But you’re nowhere near done when the loaves come out of the oven—in fact, the most important step is the last, which I learned when the New York Times’s steadfast Melissa Clark wrote about her quest to find an old-fashioned stollen recipe a couple of years ago. The secret to incredible stollen, it turns out, is not one but two thick coatings of sugar. First, brush the warm loaves generously with butter. Then sprinkle over a generous quantity of granulated sugar mixed with a little ground ginger. (The sugar and butter take the abrasive edge off of the ginger, much as the backup singers on Christmas in the Heart do to Bob Dylan’s voice.) Finally, after the loaves have cooled, sprinkle over an even more generous quantity of powdered sugar. After a day or so, the sugars and butter will have hardened into an irresistibly sweet, candy-like shell that not only tastes amazing but also keeps the heart of the stollen from drying out.

The biggest mistake people make with stollen, I’ve found, is not making it at all. This Christmas, don’t let that happen to you.

Ginger-Orange Stollen
Yield: 2 to 4 loaves (24 to 32 servings)
Time: About 6 hours, mostly unattended, plus time to let the stollen sit before serving

1 cup golden raisins
1 cup dried cherries
1 cup chopped crystallized ginger
1 cup sliced or slivered almonds
⅔ cup orange liqueur (like Grand Marnier or Cointreau)
1¾ cups (3½ sticks) butter
⅓ cup milk, preferably not skim
4 cups all-purpose flour
1 cup sugar
1 tablespoon grated orange zest
2¼ teaspoons instant yeast or one ¼-ounce packet active dry yeast
2 teaspoons ground ginger
1 teaspoon ground cardamom
1 teaspoon salt
¼ teaspoon ground nutmeg
2 large eggs
1 teaspoon vanilla extract
Oil or butter for greasing the bowl and baking sheet
1½ cups powdered sugar

1. Combine the raisins, cherries, crystallized ginger, almonds, and orange liqueur in a medium bowl. Stir to combine, cover, and let sit at room temperature while you make the dough or overnight if time allows.

2. Meanwhile, put 1 cup (2 sticks) of the butter and the milk in a small saucepan over medium-low heat and cook until the butter melts (or combine the butter and milk in a microwave-safe bowl and microwave in 30-second intervals until the butter melts). Combine the flour, ¼ cup of the sugar, the orange zest, the yeast, 1 teaspoon of the ground ginger, the cardamom, the salt, and the nutmeg in a large bowl. When the butter mixture cools to 100°F—about the same temperature as the inside of your wrist—add it to the flour mixture and stir with the dough-hook attachment of a stand mixer or by hand. Lightly beat together the eggs and vanilla and stir them into the dough.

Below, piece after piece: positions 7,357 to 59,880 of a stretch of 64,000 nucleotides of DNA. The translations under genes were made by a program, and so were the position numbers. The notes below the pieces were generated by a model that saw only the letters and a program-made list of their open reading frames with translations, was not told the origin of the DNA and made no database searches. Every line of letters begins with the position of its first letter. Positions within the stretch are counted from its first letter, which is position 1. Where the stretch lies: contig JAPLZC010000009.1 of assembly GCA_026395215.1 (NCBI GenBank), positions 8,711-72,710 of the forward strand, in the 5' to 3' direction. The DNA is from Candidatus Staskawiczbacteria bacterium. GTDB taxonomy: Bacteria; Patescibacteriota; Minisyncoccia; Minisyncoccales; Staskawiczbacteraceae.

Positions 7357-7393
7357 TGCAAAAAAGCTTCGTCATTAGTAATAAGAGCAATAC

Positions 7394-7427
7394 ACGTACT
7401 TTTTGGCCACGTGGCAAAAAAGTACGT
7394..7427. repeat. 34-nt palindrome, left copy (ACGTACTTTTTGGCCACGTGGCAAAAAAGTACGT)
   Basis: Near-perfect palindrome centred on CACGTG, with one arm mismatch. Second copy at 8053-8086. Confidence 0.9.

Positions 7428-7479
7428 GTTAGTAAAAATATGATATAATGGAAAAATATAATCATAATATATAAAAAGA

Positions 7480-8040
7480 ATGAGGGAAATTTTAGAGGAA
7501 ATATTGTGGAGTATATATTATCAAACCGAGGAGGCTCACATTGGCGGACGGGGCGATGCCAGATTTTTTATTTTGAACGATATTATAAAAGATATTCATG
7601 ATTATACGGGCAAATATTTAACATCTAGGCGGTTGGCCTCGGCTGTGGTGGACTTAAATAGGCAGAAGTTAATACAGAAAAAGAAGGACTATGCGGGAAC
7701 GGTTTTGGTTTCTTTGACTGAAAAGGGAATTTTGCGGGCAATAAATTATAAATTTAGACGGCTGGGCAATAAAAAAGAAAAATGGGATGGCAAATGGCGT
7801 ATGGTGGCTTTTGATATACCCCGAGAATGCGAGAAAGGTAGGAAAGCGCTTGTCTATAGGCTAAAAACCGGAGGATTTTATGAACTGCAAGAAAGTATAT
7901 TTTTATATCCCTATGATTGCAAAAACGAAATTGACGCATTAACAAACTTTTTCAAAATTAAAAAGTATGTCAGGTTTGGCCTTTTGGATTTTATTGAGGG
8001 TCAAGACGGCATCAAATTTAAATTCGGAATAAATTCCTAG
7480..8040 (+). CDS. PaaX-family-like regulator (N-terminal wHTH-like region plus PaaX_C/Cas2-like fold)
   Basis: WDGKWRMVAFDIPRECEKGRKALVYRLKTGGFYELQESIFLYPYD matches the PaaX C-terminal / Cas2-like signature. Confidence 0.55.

3. Knead the dough with the dough-hook attachment of a stand mixer or by hand until it feels smooth and elastic, about 10 minutes. Grease a large bowl (it’s fine to use the same one you mixed the dough in), add the dough, and turn it over to coat it lightly with oil or butter. Cover the bowl with a clean kitchen towel or plastic wrap, put it in a warm place, and let the dough rise for 1½ to 2 hours.

4. Punch down the dough and add the raisin mixture. Knead the dough in the bowl with the dough-hook attachment of a stand mixer or by hand until the fruit, nuts, and ginger are evenly incorporated. (The dough will be sticky.) Grease a baking sheet and shape the dough, as well as you can, into 2 to 4 long, oval loaves on the baking sheet. Cover the baking sheet with a clean kitchen towel or plastic wrap, put it in a warm place, and let the loaves rise for 1 hour.